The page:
The Federal Circuit recently clarified in LifeNet Health v. LifeCell Corporation, No. 2015-1549 (Fed. Cir. Sept. 16, 2016) that a negative functional claim limitation can be used to describe a capability or structural element of an apparatus. The Court affirmed a judgment of direct infringement against a manufacturer where the limitation was found to be satisfied from the moment the apparatus was manufactured,… More
So Kyle Bass and his Coalition for Affordable Drugs have been handed a defeat in their first PTAB final written decision. See Coalition for Affordable Drugs II LLC v. Cosmo Techs Ltd. (IPR2015-00988, Paper 55). The merits of the case aside, the biggest question in my mind is: can the Coalition appeal?
On the face of things, the answer appears to be yes. … More
In McRO, Inc. v. Bandai , the Federal Circuit provided important guidance for determining patent eligibility under 35 U.S.C. § 101 for software and related technology patents, particularly involving computer software processed by general-purpose computers. In a reversal of the decision at the Central District of California, the Federal Circuit concluded that a patent for automated lip-synchronization in computer animation recited “the ordered combination of claimed steps,… More
The Central Reexamination Unit (CRU) at the USPTO handles a number of post grant proceedings by examiners selected for expert technical and advanced patent legal knowledge. Ex parte reexamination remains a comparatively low cost proceeding to challenge the validity of a patent. The CRU has recently taken on reissue applications and supplemental examination. At a recent Quarterly Meeting of the Patent Public Advisory Committee (PPAC) held on May 5,… More
Have you ever tried a Pre-Appeal Brief Request for Review? Ever wish you could sit in on the Examiner’s conference? Well now you can, under a new pilot program launched today, July 11, 2016. It’s called P3 (“Post-Prosecution Pilot Program”) and combines some aspects of after-final practice with an expanded role for the applicant in a pre-appeal review.
On June 23, 2016, the citizens of the United Kingdom voted in favor of leaving the European Union. This is a monumental step which historians will analyze in order to understand why and how it became possible. In the meantime, lawyers will have to figure out the consequences, including how to untangle this 60 year-old relationship.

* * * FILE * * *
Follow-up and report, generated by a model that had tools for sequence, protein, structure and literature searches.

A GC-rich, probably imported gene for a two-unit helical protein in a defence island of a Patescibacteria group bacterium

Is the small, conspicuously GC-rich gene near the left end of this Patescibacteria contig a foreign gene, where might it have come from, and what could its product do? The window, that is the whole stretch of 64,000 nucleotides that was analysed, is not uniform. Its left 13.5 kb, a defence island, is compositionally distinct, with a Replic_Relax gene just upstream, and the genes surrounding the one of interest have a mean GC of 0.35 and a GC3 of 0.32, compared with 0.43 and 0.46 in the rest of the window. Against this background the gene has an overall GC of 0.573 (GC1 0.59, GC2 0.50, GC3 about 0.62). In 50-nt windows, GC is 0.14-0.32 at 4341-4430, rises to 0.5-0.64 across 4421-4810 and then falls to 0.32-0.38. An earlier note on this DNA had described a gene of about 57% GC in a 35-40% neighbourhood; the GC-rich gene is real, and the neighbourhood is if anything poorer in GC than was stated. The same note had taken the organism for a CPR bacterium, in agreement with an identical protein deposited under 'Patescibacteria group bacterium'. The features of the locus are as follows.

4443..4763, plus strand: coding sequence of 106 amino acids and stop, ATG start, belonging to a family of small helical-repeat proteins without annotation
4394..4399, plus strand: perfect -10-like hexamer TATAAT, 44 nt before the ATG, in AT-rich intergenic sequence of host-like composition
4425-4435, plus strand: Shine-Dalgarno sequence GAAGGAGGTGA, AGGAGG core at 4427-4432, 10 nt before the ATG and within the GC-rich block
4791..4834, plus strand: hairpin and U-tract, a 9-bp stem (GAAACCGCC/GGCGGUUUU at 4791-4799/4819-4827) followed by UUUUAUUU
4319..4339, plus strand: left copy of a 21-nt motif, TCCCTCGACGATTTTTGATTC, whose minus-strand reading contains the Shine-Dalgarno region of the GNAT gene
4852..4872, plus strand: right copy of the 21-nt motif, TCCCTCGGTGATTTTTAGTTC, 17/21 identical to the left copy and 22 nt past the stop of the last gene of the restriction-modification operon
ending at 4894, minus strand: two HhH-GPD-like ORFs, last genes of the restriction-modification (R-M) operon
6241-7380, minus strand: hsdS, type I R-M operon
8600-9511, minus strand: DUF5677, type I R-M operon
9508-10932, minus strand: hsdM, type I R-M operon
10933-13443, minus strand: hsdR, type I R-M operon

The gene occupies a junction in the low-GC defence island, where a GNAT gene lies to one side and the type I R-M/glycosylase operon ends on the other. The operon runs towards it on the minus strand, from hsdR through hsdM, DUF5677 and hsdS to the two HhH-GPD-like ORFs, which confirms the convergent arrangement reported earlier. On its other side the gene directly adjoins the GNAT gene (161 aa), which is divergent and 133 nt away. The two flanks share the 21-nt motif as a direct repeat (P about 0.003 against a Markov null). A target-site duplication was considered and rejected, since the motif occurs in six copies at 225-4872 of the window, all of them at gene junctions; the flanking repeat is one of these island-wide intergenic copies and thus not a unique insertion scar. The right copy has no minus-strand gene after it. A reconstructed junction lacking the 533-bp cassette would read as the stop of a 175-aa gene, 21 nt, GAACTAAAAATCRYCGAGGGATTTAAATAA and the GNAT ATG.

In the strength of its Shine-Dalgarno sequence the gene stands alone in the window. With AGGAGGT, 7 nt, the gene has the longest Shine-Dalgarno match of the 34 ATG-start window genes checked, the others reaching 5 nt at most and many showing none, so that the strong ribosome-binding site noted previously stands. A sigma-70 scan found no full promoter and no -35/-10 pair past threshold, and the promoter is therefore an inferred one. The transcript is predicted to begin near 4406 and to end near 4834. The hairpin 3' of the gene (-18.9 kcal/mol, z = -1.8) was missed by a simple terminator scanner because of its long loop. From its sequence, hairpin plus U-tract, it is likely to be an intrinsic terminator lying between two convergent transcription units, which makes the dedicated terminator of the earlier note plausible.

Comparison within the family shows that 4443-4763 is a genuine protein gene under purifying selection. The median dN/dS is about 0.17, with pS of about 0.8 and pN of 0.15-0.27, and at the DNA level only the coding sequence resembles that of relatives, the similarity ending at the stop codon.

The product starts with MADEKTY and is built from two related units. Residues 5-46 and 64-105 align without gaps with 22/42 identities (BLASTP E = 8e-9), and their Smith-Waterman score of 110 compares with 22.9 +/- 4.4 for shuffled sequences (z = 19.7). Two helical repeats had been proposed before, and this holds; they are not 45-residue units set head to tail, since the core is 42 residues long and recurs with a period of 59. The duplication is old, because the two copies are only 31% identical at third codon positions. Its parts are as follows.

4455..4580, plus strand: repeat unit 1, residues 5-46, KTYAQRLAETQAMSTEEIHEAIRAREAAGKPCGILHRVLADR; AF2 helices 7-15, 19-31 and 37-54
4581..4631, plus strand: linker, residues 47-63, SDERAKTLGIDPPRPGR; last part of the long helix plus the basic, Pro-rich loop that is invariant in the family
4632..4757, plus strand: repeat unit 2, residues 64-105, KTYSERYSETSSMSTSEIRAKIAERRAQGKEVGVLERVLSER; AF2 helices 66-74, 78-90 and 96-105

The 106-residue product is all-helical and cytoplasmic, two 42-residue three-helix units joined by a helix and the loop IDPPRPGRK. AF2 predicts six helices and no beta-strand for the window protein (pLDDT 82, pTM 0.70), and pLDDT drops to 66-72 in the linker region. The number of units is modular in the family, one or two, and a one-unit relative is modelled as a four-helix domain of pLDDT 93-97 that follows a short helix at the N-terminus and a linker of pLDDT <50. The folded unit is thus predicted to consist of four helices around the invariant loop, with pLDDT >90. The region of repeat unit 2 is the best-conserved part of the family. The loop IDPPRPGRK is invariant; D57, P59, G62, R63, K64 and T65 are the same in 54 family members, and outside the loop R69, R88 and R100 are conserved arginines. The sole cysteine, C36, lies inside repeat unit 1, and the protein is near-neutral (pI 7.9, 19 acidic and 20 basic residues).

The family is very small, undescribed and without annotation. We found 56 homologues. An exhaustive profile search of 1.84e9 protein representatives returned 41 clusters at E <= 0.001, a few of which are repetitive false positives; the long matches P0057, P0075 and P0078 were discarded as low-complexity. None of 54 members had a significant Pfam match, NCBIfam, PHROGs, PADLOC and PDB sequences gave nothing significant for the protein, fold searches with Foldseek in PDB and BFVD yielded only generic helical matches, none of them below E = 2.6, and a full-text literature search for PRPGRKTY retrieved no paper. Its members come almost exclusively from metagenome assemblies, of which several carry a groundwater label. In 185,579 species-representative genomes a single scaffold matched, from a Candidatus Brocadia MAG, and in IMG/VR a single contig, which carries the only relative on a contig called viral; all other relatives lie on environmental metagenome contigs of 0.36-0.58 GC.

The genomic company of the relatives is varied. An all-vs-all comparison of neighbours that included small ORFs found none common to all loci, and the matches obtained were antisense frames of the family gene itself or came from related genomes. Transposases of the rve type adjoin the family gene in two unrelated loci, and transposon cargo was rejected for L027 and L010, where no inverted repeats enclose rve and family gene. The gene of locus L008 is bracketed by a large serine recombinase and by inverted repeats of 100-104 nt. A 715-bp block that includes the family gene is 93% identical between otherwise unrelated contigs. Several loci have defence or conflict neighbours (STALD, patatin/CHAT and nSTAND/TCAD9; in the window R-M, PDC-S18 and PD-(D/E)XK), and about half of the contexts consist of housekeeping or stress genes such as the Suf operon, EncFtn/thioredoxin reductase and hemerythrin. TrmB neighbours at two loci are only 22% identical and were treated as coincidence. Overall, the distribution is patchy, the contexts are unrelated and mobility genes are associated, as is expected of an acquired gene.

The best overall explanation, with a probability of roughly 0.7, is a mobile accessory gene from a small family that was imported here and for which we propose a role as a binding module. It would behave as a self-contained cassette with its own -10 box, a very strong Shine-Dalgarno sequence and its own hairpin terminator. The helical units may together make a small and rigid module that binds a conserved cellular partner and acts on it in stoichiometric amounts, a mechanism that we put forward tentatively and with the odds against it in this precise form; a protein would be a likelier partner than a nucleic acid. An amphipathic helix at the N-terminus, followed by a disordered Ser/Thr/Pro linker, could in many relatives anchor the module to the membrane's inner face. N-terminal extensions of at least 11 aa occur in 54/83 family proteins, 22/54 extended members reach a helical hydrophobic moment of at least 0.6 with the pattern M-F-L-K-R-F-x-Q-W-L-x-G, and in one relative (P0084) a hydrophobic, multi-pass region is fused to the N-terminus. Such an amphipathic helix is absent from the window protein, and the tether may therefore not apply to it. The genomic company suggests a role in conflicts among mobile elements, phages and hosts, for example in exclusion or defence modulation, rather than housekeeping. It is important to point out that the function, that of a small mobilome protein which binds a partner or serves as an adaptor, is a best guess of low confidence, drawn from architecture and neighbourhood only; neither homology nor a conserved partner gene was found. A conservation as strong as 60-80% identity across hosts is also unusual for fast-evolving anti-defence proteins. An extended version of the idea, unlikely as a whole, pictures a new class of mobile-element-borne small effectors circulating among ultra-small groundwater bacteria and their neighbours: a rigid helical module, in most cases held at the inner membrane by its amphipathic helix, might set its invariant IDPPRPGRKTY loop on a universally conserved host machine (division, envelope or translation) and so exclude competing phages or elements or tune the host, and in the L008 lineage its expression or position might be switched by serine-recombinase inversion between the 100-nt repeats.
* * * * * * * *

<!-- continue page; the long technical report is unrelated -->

Rather than resist preliminary-stage discovery, Petitioners instead should say “Bring it on!”
As I suggested in an earlier post, Patent Owners’ ability to introduce new declaration evidence with a preliminary response is unlikely to help them avoid trial. I doubt the Board will deny a Petitioner the relief requested on the untested evidence of a Patent Owner witness, however persuasive that evidence may appear.… More
Although the focus of IPR and other PTAB trials is on the validity of patents, parties cannot reflexively rely on the safeguards of FRE 408 for licensing and settlement negotiations that apply in Federal Court. In Palo Alto Networks, Inc. v. FinJan, Inc., (Cases IPR2016-00149 and IPR2016-00150, Paper 12), the Board denied a motion to seal, stressing that “[t]here is a presumption that the record of our proceedings,… More
The PTABloggers are pleased to join the USPTO and the AIPLA in inviting you to attend the PTAB’s second annual Bench and Bar Conference (flyer). It is set for Wednesday, June 15th 2016 at the USPTO Headquarters in Alexandria from 1 to 5 pm, followed by a reception. Attendees should register in advance with the AIPLA.
The agenda this year splits time between AIA trials and ex parte appeals.… More
A district court litigation has lots of moving parts all by itself. But add in an IPR and then an ITC Section 337 investigation, and it may become more than the parties can handle. But will the parties agree to stay any of the proceedings? And even if they agree, would any of the tribunals oblige?
The answer, it seems, is that when the parties don’t agree,… More